In November of 2020, the state of Oregon passed a new measure that will eventually allow people to participate in legal psilocybin sessions. This comes after lots of encouraging evidence for psilocybin’s safety and efficacy, and it’s FDA designation as a breakthrough treatment for depression. People are excited to take advantage of this new law, but there are some things you should know before participating. Let’s talk about where you can get legal psilocybin in Oregon.
In the last few decades, psilocybin and other psychedelics have shown to be helpful for people with depression, anxiety, and more. Despite its association with the “hippie” counterculture, psilocybin and other psychedelic medicines are gaining credibility with medical researchers and rapidly gaining interest from the public .
Some researchers believe psilocybin could be the most effective psychedelic for treating mental health disorders . In mood disorders such as depression, psilocybin could be a great tool to permanently ease symptoms and improve lives for patients. Psilocybin has shown pain management benefits as well as mental ones. In clinical trials, it’s proved to be a helpful analgesic for migraines, chronic pain, and phantom limb pain .
Perhaps most importantly, psilocybin is generally safe. Of all psychedelics, it’s thought to be the safest. The Registry of Toxic Effects of Chemical Substances gives psilocybin a safety profile better than nicotine and aspirin . It has little potential for abuse or addiction and is generally well-tolerated in a controlled environment.
Given the positive evidence for safety and efficacy, we’re excited to see Oregon’s initiative to help people take advantage of psilocybin as a tool for self-growth and healing. Let’s talk about what this bill means.
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Is Psilocybin Legal in Oregon?
As part of the 2020 bill, Oregon decriminalized psilocybin. Other cities and states have decriminalized psychedelics, starting with Denver in 2019. Oregon is the first state to not only decriminalize the substance but to regulate and make it available for the public.
This is exciting news for the state of Oregon, which has some of the highest rates of mental illness in the nation . Nearly one in five adults in Oregon has a mental illness. The governor has declared a public health crisis due to the prevalence of addiction in the state. Between 2019 and 2021, the state planned to spend 2.8 billion on behavioral and mental health programs.
By creating this bill, Oregon is aiming to help not only people with mental health diagnoses but anyone who wishes to take part in facilitated psilocybin sessions. Unlike the medical card system for marijuana, anyone 21 and up will be able to experience psilocybin in certified service centers.
Since passing this vote, people have raised concerns over it’s wording. At first, we thought it would be offered as a therapeutic regimen under the strict supervision of a licensed therapist. But these therapists wouldn’t be protected from liability from the state or insurance. It would be hard or impossible to find therapists willing to practice without protection.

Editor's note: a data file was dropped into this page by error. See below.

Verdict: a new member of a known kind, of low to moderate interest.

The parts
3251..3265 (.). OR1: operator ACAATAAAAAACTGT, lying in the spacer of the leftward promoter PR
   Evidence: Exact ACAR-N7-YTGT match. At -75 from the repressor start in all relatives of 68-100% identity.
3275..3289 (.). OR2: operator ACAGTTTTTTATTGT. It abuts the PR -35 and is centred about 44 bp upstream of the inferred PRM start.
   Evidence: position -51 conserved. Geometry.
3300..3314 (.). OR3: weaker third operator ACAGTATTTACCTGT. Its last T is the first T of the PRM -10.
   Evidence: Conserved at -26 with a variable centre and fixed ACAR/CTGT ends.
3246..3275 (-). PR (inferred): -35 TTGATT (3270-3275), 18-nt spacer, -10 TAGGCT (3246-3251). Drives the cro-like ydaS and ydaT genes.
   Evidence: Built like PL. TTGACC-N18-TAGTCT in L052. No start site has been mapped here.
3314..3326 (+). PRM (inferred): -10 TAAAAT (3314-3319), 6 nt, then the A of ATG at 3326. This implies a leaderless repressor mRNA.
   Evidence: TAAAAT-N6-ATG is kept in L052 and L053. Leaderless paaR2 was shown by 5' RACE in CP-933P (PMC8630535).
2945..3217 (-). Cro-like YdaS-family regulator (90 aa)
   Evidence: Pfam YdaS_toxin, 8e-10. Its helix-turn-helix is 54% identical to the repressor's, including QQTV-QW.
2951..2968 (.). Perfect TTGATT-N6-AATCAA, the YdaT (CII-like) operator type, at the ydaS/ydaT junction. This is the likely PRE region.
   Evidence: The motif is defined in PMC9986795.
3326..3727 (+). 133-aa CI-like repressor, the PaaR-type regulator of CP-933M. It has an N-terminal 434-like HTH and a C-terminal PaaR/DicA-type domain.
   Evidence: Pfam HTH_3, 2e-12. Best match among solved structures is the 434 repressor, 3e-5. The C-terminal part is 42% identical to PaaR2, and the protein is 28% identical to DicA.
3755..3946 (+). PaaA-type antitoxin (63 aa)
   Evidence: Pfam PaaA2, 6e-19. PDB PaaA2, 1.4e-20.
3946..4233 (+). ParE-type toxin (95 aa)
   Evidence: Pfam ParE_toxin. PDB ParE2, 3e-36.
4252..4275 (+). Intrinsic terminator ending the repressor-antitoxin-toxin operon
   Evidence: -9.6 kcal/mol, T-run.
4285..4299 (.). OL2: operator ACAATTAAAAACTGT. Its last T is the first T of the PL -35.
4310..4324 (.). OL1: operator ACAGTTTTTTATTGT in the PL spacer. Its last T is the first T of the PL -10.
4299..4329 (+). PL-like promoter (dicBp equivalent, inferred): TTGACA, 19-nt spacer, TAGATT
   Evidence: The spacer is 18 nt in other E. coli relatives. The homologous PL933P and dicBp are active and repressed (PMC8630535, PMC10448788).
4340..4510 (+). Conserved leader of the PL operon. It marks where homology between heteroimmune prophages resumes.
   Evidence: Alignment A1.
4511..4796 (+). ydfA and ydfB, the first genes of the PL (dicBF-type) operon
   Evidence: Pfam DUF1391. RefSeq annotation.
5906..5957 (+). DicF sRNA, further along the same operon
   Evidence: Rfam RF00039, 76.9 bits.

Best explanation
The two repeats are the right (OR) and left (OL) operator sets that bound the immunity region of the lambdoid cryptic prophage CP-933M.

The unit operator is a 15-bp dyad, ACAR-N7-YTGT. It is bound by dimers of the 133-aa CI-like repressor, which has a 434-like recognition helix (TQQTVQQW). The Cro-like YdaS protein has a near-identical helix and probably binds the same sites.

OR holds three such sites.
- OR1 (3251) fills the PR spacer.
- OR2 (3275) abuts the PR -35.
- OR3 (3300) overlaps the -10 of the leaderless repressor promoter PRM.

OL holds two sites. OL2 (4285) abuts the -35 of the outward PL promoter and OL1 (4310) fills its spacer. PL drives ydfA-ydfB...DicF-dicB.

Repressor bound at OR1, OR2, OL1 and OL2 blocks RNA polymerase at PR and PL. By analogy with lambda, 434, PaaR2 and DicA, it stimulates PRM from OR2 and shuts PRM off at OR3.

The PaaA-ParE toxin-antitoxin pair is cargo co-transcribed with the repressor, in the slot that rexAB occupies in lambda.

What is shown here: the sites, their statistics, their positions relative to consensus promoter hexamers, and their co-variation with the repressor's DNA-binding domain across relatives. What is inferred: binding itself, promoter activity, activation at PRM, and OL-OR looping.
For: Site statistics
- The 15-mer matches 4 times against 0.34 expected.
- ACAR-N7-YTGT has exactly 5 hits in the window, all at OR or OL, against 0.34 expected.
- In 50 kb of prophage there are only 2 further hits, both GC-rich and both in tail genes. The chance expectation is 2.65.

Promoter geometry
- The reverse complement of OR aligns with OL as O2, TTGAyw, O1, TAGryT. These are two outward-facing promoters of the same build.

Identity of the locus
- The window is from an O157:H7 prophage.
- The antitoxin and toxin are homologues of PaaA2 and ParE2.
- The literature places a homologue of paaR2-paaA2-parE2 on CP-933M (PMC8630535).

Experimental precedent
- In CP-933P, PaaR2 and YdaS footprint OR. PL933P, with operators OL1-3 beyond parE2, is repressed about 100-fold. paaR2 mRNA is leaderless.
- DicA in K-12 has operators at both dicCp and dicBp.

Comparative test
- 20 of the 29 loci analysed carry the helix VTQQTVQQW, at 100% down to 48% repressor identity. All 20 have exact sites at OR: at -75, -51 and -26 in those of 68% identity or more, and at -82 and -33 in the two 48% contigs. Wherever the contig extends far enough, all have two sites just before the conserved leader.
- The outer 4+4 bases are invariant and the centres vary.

Since passing, the bill has been re-framed as sessions supervised by facilitators. In terms of access, this may help more people get access to psilocybin. However, facilitators will not be licensed or educated like therapists. Therapist may still play an important role in the preparation and integration process.
We’re still excited about improved access to psilocybin. This bill would not have been brought up for a vote without the advocacy of Sheri and Thomas Eckert. They’ve been working to pass psilocybin therapy legislation for the last several years. Both are therapists in Oregon and believe strongly that psilocybin can help people better than pharmaceutical therapy. In a 2017 interview with The Oregonian, Thomas Eckert said, “Where typically pharma-type interventions fall short, psilocybin is really breaking through with pretty amazing frequency”.
In November 2020, the state of Oregon passed Ballot Measure 109. This established a new regulatory body under the Oregon Health Authority: The Oregon Psilocybin Advisory Board (OPAB). Thomas Eckert heads this group, who will develop a regulatory framework for the state.
Sadly, Sheri Eckert passed away soon after this vote. A new foundation has been formed in her honor to continue her important work of creating “equitable access to psychedelic education and services”. Her husband Thomas continues to work towards her vision by heading up the advisory board and leading the implementation of this new law in Oregon. Learn more about Sheri’s foundation at sherieckert.org.
Between January 2021 and December 2022, the board is tasked with standardizing the manufacture, transportation, delivery, sale, and purchase of psilocybin in the state of Oregon. They’re also developing a system to track the manufacture, sale, purchase, and transfer of psilocybin so that it won’t be transported into other states.
As the first state to implement a system like this, the board has a big job ahead. They’re researching dosage, potency, strains, and synthetic vs. whole mushrooms.